This is a bit tricky because multiple ways of doing it are documented. This is the way that eventually worked for me.

The top-level SConstruct is as normal for an out-of-source build, it reads

SConscript('src/SConscript', variant_dir='build')

You need a header so that your program can recognize the version number. In C++ this is as follows, in src/version.hh:

extern char const* const version_string;

You can define the version that you want to update in a file named version which is in the root of the repository. It should have no other content other than the version number, perhaps along with a newline.


Now the src/SConscript file should look like this:

env = Environment()

# The version file is located in the file called 'version' in the very root
# of the repository.
VERSION_FILE_PATH = '#version'

# Note: You absolutely need to have the #include below, or you're going to get
# an 'undefined reference' message due to the use of const.  (it's the second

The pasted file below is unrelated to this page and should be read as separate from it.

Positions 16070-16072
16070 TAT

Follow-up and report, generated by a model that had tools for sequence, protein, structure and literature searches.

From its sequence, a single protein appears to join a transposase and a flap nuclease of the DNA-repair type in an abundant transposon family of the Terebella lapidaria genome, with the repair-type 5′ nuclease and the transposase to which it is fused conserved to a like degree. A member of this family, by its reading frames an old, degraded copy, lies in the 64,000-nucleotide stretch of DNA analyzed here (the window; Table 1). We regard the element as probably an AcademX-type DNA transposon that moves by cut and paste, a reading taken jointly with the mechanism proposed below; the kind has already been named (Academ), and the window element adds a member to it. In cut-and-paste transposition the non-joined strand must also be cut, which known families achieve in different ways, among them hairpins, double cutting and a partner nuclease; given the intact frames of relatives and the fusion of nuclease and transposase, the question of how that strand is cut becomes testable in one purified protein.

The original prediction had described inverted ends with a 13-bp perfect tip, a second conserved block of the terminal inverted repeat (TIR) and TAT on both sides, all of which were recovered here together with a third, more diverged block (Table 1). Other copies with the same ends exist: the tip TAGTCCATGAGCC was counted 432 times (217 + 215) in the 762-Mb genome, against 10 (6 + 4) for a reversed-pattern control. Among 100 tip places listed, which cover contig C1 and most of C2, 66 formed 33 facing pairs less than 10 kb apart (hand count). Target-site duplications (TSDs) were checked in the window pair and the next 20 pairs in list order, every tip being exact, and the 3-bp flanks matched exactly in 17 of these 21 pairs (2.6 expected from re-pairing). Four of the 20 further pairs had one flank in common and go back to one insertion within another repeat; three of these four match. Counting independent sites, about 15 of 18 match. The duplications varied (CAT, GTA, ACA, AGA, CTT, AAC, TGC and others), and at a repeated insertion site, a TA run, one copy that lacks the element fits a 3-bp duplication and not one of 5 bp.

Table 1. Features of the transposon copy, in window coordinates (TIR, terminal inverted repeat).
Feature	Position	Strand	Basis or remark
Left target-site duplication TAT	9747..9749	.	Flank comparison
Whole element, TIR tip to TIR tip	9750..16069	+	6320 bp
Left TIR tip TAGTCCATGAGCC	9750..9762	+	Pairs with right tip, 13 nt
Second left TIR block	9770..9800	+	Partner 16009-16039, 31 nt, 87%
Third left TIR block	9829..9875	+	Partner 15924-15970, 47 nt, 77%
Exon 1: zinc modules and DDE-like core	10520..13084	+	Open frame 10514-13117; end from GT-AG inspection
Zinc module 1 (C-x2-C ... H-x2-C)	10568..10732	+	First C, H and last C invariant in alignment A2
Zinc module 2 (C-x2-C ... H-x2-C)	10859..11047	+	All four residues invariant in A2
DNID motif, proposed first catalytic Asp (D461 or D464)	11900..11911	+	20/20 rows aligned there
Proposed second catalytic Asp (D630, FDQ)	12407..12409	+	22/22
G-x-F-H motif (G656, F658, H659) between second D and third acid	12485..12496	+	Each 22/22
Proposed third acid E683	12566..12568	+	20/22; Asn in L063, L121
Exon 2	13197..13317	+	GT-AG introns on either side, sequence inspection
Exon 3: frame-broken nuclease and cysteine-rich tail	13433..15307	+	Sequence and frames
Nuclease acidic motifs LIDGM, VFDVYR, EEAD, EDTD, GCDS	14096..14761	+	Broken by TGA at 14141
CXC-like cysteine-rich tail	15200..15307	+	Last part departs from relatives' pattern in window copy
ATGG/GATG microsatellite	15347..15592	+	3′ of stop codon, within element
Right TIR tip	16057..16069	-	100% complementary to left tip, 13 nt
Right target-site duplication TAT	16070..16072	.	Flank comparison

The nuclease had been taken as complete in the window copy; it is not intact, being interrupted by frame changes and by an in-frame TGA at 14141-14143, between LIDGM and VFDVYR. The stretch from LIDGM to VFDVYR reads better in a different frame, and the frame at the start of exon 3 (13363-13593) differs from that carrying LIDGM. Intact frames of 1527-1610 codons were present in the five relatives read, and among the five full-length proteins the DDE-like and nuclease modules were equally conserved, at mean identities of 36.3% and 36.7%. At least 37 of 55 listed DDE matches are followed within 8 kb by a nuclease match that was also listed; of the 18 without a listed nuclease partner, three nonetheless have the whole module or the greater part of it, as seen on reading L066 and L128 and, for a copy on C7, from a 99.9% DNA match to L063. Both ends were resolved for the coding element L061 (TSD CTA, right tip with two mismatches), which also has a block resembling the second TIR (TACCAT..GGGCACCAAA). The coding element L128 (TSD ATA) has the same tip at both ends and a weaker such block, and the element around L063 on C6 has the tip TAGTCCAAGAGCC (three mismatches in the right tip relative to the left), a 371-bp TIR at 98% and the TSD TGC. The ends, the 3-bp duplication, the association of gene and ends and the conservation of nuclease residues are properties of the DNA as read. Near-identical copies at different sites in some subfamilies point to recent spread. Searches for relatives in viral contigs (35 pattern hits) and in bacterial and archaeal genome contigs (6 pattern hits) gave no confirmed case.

# const in the type declaration that causes this.)
# Both the user of the version and this template itself need to include the
# extern declaration first.

def version_action(target, source, env):
    source_path = source[0].path
    target_path = target[0].path

    # read version from plaintext file
    with open(source_path, 'r') as f:
        version =

    version_c_text = """
    #include "version.hh"

    const char* const version_string = "%s";
    """ % version

    with open(target_path, 'w') as f:

    return 0


main_binary = env.Program(
    'main', source=['', '']

The basic strategy here is to designate the version file as the source file for, but we just hardcode the template for the actual C++ definition inside the SConscript itself. Note that the include within the template is crucial, due to an 'aspect' of the C++ compilation process.